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 Volume XIV June 22, 2004 

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"Junk and frivolous lawsuits cause docs to have to practice what's called defensive medicine…If you want health care to be affordable and available, you need to have a legal system that is fair and balanced. I believe this is a national issue because it runs up the cost of medicine for national budgets." — President George W. Bush, remarks at Youngstown State University, Youngstown, Ohio, May 25, 2004

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Mississippi Tort Triumph

"This is no small achievement for a poor state that rarely appears on the top half of any list of economic measures…Doctors have fled or quit practicing, 71 insurance companies have pulled out, and a recent study by a local business group predicted the loss of 10,000 more jobs by 2009 without some legal reform." Mississippi Governor Haley Barbour signed into law one of the nation's most comprehensive tort reform bills in an attempt to make the state more business-friendly. Wall Street Journal, June 16, 2004

Medical-Malpractice Battle Gets Personal

"Doctors and lawyers long have been at odds over malpractice litigation. But soaring malpractice-insurance premiums, which hit doctors in high-risk specialties such as neurosurgery and obstetrics particularly hard, have fueled the debate.

For doctors who blame the increases in their premiums on unwarranted lawsuits and large jury awards, the solution is clear: Overhaul the nation's civil litigation system, starting with limits on what jurors can award in damages." USA Today, June 14, 2004

Man Wins $3 Million for Injury by Doctor … A Malpractice Panel Earlier Had Found That the Doctor Had Done Nothing Wrong

"A jury awarded a South Portland man $3 million Wednesday, concluding a complicated malpractice claim … The verdict was unusually large for Maine, where awards of more than a million dollars are rare. It was particularly surprising in this case because a medical malpractice review panel had unanimously found that the doctor and hospital were not at fault for Maietta's injury. The panel's finding was disclosed to the jury, but it found for Maietta anyway." Portland Press Herald, May 27, 2004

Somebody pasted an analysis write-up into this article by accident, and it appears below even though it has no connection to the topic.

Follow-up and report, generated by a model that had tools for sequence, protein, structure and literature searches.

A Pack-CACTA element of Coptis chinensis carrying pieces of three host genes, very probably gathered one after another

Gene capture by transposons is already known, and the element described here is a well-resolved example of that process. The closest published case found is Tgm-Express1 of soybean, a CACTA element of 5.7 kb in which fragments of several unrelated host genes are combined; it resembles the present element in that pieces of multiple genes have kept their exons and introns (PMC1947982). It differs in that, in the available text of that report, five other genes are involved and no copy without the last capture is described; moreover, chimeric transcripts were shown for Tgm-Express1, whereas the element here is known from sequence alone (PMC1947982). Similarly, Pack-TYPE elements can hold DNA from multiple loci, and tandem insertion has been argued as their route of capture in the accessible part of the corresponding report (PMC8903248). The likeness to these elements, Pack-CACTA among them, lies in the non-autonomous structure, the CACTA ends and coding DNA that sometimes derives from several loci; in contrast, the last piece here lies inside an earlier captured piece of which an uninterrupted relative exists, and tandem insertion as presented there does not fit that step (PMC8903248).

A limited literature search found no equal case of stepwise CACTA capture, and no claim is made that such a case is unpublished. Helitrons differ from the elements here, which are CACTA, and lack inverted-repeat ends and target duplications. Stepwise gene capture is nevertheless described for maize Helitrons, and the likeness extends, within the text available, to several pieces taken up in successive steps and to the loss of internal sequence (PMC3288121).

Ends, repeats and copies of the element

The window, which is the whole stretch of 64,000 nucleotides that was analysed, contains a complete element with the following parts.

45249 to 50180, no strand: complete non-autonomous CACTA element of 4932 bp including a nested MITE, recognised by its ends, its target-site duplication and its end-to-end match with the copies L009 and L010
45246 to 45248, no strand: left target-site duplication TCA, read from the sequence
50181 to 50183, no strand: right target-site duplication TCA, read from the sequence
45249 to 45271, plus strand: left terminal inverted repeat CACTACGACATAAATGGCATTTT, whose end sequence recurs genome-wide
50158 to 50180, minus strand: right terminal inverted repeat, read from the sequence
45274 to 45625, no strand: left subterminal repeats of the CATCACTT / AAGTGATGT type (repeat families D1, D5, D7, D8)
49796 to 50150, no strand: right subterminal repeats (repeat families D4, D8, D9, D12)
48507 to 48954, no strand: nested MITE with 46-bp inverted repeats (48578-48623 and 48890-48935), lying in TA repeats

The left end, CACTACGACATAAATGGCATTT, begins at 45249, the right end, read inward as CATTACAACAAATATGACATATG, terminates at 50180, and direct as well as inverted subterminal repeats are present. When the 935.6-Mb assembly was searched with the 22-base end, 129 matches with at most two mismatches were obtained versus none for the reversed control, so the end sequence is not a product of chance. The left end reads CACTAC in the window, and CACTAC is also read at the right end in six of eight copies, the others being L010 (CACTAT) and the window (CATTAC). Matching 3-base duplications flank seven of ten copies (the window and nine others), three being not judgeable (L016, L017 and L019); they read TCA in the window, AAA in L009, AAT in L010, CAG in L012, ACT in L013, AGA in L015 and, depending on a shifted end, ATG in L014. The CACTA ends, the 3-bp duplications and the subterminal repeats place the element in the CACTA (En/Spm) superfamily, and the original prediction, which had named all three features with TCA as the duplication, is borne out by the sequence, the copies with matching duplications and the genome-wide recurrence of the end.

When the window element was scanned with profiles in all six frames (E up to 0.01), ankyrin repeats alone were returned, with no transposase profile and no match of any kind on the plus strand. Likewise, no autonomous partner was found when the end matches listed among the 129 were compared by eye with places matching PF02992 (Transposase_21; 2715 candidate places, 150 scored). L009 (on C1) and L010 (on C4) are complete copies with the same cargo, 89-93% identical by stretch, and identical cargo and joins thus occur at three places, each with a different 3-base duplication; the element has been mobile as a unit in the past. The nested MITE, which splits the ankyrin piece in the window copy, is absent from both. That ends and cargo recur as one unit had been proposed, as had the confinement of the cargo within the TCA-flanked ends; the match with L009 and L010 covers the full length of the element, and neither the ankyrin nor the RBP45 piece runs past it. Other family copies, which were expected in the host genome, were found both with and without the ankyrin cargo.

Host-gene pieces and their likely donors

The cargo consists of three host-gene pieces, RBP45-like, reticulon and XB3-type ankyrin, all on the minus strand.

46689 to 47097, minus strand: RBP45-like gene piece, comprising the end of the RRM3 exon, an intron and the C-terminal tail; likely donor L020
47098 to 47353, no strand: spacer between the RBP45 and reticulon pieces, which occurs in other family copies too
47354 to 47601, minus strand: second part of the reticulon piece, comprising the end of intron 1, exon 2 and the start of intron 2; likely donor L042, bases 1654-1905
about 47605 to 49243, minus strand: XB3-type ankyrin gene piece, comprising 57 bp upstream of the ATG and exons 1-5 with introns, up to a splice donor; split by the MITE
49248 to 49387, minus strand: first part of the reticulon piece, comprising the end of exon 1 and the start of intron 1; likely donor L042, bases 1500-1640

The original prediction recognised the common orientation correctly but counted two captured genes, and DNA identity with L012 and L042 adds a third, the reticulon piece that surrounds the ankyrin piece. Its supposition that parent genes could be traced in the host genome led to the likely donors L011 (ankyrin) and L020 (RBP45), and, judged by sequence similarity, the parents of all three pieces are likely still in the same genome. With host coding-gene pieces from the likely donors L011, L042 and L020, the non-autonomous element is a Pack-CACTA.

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Legislative Update

Medical malpractice bills are presently stalled in the Illinois State House and Senate. The House bill includes caps that limit non-economic damages in malpractice cases. While the governor opposes caps, he says he hopes to bring doctors and lawyers back to the negotiating table after a "cooling-off period." - St. Louis Post-Dispatch, June 3, 2004

Governor Haley Barbour signed a tort reform bill that establishes a $1 million cap on pain-and-suffering awards in most lawsuits, and a $500,000 cap in medical malpractice cases. The governor believes the law will make the state more business-friendly and help to reduce large jury awards. "I want to tell job creators across America that our scales of justice are now in balance. It is time for them to come and take another look at Mississippi as a place to locate," Barbour said in a written statement. - Associated Press, June 16, 2004

Our Broken Healthcare Liability System

The Stats

  • 20: The number of states now facing a medical malpractice crisis, according to the American Medical Association (AMA). Massachusetts recently joined 19 other states suffering from skyrocketing insurance rates and the loss of doctors who are fleeing or no longer practicing. The AMA added Massachusetts to the list on June 14, 2004. - American Medical Association,

  • 2: The number of obstetricians remaining in the Enid, Oklahoma area after four of their six obstetricians plan to quit or retire this summer as a result of medical-malpractice lawsuits. These two remaining obstetricians will be left to cover an annual average of 1,200 deliveries annually. – "Obstetricians quit over insurance costs; Skyrocketing malpractice premiums are forcing closures," NBC News, May 14, 2004

  • 57%: The percentage of Massachusetts voters surveyed who believe people bring too many lawsuits against physicians. - Poll by the McCormack School at the University of Massachusetts, Boston, in conjunction with the Massachusetts Medical Society, June 7, 2004

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